Mindfulness In Plain English – Henepola Gunaratana – What to do with your mind

“You will come face-to-face with the sudden and shocking realization that you are completely crazy.”

Extracts from Chapter Seven:

Why not just sit down and be aware of whatever happens to be present in the mind? In fact there are meditations of that nature. They are sometimes referred to as unstructured meditation and they are quite difficult. The mind is tricky. Thought is an inherently complicated procedure. By that we mean we become trapped, wrapped up, and stuck in the thought chain. One thought leads to another which leads to another, and another, and another, and so on. Fifteen minutes later we suddenly wake up and realize we spent that whole time stuck in a daydream or sexual fantasy or a set of worries about our bills or whatever.

There is a difference between being aware of a thought and thinking a thought. That difference is very subtle. It is primarily a matter of feeling or texture. A thought you are simply aware of with bare attention feels light in texture; there is a sense of distance between that thought and the awareness viewing it. It arises lightly like a bubble, and it passes away without necessarily giving rise to the next thought in that chain. Normal conscious thought is much heavier in texture. It is ponderous, commanding, and compulsive. It sucks you in and grabs control of consciousness. By its very nature it is obsessional, and it leads straight to the next thought in the chain, apparently with no gap between them.

Concentration is our microscope for viewing subtle internal states. We use the focus of attention to achieve one-pointedness of mind with calm and constantly applied attention. Without a fixed reference point you get lost, overcome by the ceaseless waves of change flowing round and round within the mind.

Breathing is a present-time process. By that we mean it is always occurring in the here-and-now. We don’t normally live in the present, of course. We spend most of our time caught up in memories of the past or leaping ahead to the future, full of worries and plans. The breath has none of that ‘other-timeness’. When we truly observe the breath, we are automatically placed in the present.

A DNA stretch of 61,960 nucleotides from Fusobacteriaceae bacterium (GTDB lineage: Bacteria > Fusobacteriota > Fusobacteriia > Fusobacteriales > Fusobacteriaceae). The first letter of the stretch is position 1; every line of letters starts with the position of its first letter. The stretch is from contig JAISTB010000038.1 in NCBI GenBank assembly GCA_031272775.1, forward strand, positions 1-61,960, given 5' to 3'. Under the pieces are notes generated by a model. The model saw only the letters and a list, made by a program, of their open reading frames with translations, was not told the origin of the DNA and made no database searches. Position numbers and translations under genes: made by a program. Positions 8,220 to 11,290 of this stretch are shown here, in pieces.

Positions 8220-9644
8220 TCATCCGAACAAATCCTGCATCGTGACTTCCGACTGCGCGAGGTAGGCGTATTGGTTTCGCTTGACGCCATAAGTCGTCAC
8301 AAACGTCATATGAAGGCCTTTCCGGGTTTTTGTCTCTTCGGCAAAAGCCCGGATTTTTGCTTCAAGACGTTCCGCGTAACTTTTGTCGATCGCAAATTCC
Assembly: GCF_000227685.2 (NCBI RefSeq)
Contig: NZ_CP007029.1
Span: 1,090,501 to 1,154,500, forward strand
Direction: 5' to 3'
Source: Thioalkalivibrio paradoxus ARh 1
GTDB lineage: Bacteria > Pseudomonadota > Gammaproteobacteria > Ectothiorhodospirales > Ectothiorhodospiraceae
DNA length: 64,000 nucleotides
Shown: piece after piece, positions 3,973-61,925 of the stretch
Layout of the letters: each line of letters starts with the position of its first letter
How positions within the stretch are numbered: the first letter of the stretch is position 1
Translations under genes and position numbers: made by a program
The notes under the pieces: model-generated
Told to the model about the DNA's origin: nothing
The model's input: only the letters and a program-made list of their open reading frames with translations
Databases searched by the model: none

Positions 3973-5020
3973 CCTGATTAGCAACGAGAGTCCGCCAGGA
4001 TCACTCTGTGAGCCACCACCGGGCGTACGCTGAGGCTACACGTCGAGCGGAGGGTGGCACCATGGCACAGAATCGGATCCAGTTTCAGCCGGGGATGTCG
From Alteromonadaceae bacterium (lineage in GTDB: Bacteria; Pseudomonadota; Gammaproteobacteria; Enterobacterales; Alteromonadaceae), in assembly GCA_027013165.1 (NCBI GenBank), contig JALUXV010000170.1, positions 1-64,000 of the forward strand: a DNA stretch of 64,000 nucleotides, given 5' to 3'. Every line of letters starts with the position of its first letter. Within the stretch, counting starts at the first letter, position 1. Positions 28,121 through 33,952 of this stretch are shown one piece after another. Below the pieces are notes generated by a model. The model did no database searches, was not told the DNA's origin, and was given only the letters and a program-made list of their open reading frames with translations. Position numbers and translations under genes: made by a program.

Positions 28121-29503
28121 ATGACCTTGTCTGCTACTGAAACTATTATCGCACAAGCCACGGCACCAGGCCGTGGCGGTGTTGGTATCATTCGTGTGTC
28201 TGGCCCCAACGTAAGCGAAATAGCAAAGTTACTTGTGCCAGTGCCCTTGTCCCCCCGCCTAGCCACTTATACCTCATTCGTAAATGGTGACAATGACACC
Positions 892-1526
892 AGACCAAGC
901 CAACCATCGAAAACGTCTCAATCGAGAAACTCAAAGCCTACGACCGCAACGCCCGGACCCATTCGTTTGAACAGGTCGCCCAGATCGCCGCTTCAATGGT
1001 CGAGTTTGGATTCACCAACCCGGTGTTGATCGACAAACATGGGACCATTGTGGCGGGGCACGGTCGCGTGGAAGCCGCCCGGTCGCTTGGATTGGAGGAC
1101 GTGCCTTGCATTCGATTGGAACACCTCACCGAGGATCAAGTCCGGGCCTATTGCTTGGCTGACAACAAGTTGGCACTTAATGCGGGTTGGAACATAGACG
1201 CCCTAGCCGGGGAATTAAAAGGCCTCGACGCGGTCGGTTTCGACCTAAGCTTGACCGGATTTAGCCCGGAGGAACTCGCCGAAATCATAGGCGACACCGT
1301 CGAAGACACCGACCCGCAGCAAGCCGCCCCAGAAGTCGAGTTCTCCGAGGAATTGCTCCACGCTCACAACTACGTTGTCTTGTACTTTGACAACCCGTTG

Make no attempt to control the breath. This is not a breathing exercise of the sort done in Yoga. Focus on the natural and spontaneous movement of the breath. Don’t try to regulate it or emphasize it in any way. Most beginners have some trouble in this area.

Just let the breath move naturally, as if you were asleep. Let go and allow the process to go along at its own rhythm.

Observe the breath closely. Really study it. You find enormous variations and constant cycle of repeated patterns. It is like a symphony. Don’t observe just the bare outline of the breath. There is more to see here than just an in-breath and an out-breath.

Your mind will wander off constantly, darting around like a drunken bumblebee and zooming off on wild tangents. Try not to worry. The monkey-minded phenomenon is well known. It is something that every advanced meditator has had to deal with.

Somewhere in this process, you will come face-to-face with the sudden and shocking realization that you are completely crazy. Your mind is a shrieking, gibbering madhouse on wheels barreling pell-mell down the hill, utterly out of control and hopeless. No problem. You are not crazier than you were yesterday.

You begin to experience a state of great calm in which you enjoy complete freedom from those things we call psychic irritants. No greed, lust, envy, jealousy or hatred. Agitation goes away. Fear flees. These are beautiful, clear, blissful states of mind. They are temporary, and they will end when meditation ends. Yet even these brief experiences will change your life.

There is a definite goal. But there is no timetable. What you are doing is digging your way deeper and deeper through the layers of illusion toward realization of the supreme truth of existence. The process itself is fascinating and fulfilling. It can be enjoyed for its own sake. There is no need to rush.

Don’t set goals for yourself that are too high to reach. Be gentle with yourself.

 

 

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